Skype is great, set up to make phone calls, because while abroad you can use it to make toll free calls within the USA, as well as cheap international calls. Useful when I had lots of calls dealing with the credit card company from France.

One last thing - we always try and ensure that the places we stay have high speed internet since we are so reliant on it.
Retired in Jan, 2010 at 55, moved to England in May 2016
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Old 02-23-2015, 03:48 PM   #6
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Listen, it is just not that difficult. We have lived in San Miguel de Allende Mx full time for 7 years. When the US started making issues for the banks here, we used our capital one card for a month or so. There are no fees and we could take out 7000 pesos at a time and then just do it again. As,of two months ago, the banks found work around and you can cash US checks as long as they are at least 500 dollars. We have found the easiest way was to use Xoom. We can get 2999 US dollars for a fee of 4.99.that is at rhis time 42000 pesos which is more than enough for us for six weeks since we own our home. Once registered with Xoom, it takes five minutes to have the money transferred to one of their pick up sites. We use the bank azteca in Elektra and can do it 365 days a year from 9 to 9. Xooms exchange rate is always much better than any bank. We have the money taken out of our HSBC online bank account. We have our SS cheks and my pension direct deposited into that account.
Enjoy the excitement of trying a different culture!!
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Old 02-23-2015, 09:44 PM   #7
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This is not really that big of a problem. Before I retired and moved abroad, I opened several new bank accounts exclusively for the reason of getting more debit and ATM cards. This is not so easy to do once you become an expat. And two of these accounts are now zero fee plus foreign ATM fee reimbursement.

You can rarely open a bank account in a foreign country where you are not resident for awhile, and you probably don't want to anyway. I traveled around the world for over five years before opening a foreign bank account.

Anyway, when you are actually living in a place for awhile, the ultimate back up is to have actual local friends (who are probably also fellow expats). Where I live, any number of friends would spot me cash in an emergency. An extra set of keys and an ATM card (not a debit card) are kept at a friend's nearby house. I gave him a "package" to keep which also included one pair of contact lenses and an old pair of glasses. That is the only thing I use that savings account for (it is HSBC online account).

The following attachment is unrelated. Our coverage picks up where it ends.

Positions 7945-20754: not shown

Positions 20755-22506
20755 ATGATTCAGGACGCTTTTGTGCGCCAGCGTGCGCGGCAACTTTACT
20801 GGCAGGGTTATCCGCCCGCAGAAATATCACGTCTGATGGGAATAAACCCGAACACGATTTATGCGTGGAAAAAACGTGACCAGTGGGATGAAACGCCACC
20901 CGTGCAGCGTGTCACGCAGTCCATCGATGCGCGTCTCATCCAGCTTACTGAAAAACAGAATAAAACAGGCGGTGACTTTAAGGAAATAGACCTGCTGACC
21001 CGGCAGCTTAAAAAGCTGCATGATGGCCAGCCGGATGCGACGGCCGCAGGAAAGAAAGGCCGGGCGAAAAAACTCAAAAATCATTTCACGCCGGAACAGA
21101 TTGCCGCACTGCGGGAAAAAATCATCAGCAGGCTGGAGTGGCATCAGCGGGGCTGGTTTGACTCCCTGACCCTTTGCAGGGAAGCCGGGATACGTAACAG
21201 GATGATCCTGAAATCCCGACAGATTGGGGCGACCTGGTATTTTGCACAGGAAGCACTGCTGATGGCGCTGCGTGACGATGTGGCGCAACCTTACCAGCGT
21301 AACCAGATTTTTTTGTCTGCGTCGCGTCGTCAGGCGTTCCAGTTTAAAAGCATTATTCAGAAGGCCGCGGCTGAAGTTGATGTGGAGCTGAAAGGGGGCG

I also second Xoom, although it does not work in many countries, it is nice to have. If you get cleaned out completely, you probably can't even receive money if you have no ID. But you can send it to a friend or even a hotel employee. After you use it once or twice, Xoom lets you send straight from your bank account instead of using a credit card.

There was a young careless person at my hotel in Mexico (I won't mention nationality or background). He had just one debit card and lost it in a drunken stupor and totally lacked any skill in taking care of these sorts of things and his family was dirt poor. Anyway, I helped him with the details and I spotted him some cash for a week along with one other guy, it was no big deal.

Also, I have told my relatives (mom and sister) that they should not send me money in an emergency until they really know it's me, as this is a common scam. I told them I will tell them something that only we would know.
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Old 02-23-2015, 09:50 PM   #8
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Oh yeah, and make sure you have a funded Skype account. I have helped other travelers a number of times who were pretty clueless about how to call their home country. I pay $60 per year for unlimited calling to USA and Canada plus I have a Skype In phone number (latter is useful for financial accounts, most of which require a phone number). Once it's set up, it's so easy.

I was at my regular poker game last week, and my friend was trying to use Magic Jack on the host's computer to call his son in America and was having all sorts of problems. I just pulled out my smartphone with Skype running, and he was talking to his son in 15 seconds.